Formula One racing returns to Asia this week and it’s as if it never left – because nothing at all has changed.
When F-1 departed the Asia-Pacific region following the four races that began the season, Mercedes was dominating the competition, with its two drivers having won all four races and finishing 1-2 in three. Five months later, the circuit comes back for Sunday’s Singapore Grand Prix and found that it’ll be more of the same.
Mercedes is crushing all of its competitors in the constructors’ standings, with more points (454) than second-place Red Bull-Renault (272) and third-place Williams (177) combined. About the only suspense left on the season is which Mercedes team member will win the driver’s title.Enjoying this article? Click here to subscribe for full access. Just $5 a month.
Germany’s Nico Rosberg is leading teammate Lewis Hamilton of Britain, though the competition is far from over, with six races still remaining. Hamilton has more wins (six) than Rosberg (four), but Roseberg has been more consistent, finishing either first or second in 11 of the 13 races.
Feeding the drama is the fact that the two “teammates” have been racing as if they were mortal enemies and the relationship between the duo has been described as tense at best. There has been rampant speculation that if the partnership proves to be unsustainable, Hamilton, though the more accomplished of the two with a 2008 F-1 title, might be out at the end of the season.
But Mercedes does not have a monopoly on infighting drama in this F-1 season. In second place, Red Bull has its own dueling drivers.
Germany’s Sebastian Vettel, the reigning four-time champion, is struggling mightily this year with the offseason changes F-1 put in place – some say in an effort to curb his dominance and bring competition back to the circuit. He has yet to win a race this season and has retired three times, equaling the total from his previous three seasons combined.
Despite Vettel’s season-long slump, Red Bull has been buoyed by Daniel Ricciardo, a 25-year-old Australian in his first year with the team. Ricciardo has been a pleasant surprise after signing on to replace fellow Aussie Mark Webber to be Vettel’s sidekick.
Ricciardo has finished ahead of Vettel in all but two races this season and has been the only driver to break up the Mercedes monopoly with his three victories. He joined Hamilton as the only driver to win back-to-back races when he won at Hungary and Belgium over the summer.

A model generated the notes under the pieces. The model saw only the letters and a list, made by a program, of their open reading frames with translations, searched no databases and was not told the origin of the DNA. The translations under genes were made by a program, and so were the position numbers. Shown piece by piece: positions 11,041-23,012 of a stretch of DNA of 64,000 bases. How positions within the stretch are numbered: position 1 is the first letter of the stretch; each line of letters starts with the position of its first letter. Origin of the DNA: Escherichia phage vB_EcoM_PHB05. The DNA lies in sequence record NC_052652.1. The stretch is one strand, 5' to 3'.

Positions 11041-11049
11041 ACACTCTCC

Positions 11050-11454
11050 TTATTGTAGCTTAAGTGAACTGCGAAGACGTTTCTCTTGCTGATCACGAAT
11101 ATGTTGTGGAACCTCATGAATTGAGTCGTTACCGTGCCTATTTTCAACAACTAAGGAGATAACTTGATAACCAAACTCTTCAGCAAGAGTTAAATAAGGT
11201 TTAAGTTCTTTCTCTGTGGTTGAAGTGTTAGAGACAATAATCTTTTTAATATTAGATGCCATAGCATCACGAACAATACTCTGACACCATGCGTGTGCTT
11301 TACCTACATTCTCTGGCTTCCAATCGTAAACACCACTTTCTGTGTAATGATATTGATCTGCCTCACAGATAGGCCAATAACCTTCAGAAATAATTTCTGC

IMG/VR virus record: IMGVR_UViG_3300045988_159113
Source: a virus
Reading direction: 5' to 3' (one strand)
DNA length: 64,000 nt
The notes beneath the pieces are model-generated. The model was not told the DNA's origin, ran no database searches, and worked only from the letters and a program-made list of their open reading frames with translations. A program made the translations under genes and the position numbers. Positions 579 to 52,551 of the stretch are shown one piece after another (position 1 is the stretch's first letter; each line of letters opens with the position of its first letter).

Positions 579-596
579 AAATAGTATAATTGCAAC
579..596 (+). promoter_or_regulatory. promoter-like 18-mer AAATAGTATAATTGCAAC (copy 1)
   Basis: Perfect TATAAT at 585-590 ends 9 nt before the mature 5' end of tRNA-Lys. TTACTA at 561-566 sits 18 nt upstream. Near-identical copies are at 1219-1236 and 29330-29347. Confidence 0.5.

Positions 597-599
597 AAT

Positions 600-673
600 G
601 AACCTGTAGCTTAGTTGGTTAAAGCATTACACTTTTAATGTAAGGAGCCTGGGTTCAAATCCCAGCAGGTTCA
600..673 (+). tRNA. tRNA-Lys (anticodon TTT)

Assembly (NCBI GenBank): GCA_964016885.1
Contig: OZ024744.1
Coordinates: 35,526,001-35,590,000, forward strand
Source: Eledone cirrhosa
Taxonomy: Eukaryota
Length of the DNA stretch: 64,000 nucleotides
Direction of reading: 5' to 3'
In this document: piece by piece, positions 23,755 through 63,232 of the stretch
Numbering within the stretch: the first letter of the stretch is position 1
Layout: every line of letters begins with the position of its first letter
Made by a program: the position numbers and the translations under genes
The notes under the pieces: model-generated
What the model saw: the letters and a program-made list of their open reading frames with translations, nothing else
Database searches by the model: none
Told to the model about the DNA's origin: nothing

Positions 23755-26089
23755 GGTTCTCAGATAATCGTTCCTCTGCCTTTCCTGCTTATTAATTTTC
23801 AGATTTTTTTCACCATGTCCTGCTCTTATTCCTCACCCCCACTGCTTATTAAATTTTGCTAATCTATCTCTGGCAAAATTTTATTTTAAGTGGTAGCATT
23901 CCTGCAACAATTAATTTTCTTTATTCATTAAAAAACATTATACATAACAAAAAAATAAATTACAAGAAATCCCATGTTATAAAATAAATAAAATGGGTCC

With the title out of reach for the Red Bull drivers, team boss Christian Horner has told the tandem to fight it out down the stretch. This has not been received well by Ricciardo, who feels the team should do everything it can to help him to finish third, as he’s three places and 60 points ahead of Vettel.
Vettel, whose earnings of $31.7 million in 2014 are 30 times more than Ricciardo, bristles at comparisons with his teammate when it comes to performance this season.
“I won’t argue with the fact (Ricciardo) did a great job so far,” Vettel told AutoSport.com in late August. “(But) on my side, we’ve had plenty of qualifying sessions where we have had some sort of trouble … we lost out many times because of that, and in the races too, which was getting quite frustrating.
“That’s why I am not interested in comparing too much. Fortunately for Daniel, he had a smoother year in terms of reliability … way less issues than I had, so I think it’s not entirely fair to compare.”
After Singapore on Sunday, the circuit heads to Suzuka for the Japanese Grand Prix in two weeks. The teams will then be globetrotting to Sochi (Russia), Austin (U.S.) and Sao Paulo (Brazil) for three more races before ending the season in Abu Dhabi. To generate more artificial excitement, double points will be awarded for the final race on Nov. 23.
Chances are, all that’s going to decide is which Mercedes driver races away with the crown and the margin of Mercedes’s victory in the constructors’ title. All the machinations F-1 put in to increase the on-course drama likely have done just the opposite, because the other teams simply couldn’t keep up with the well-funded and hyper-organized Mercedes.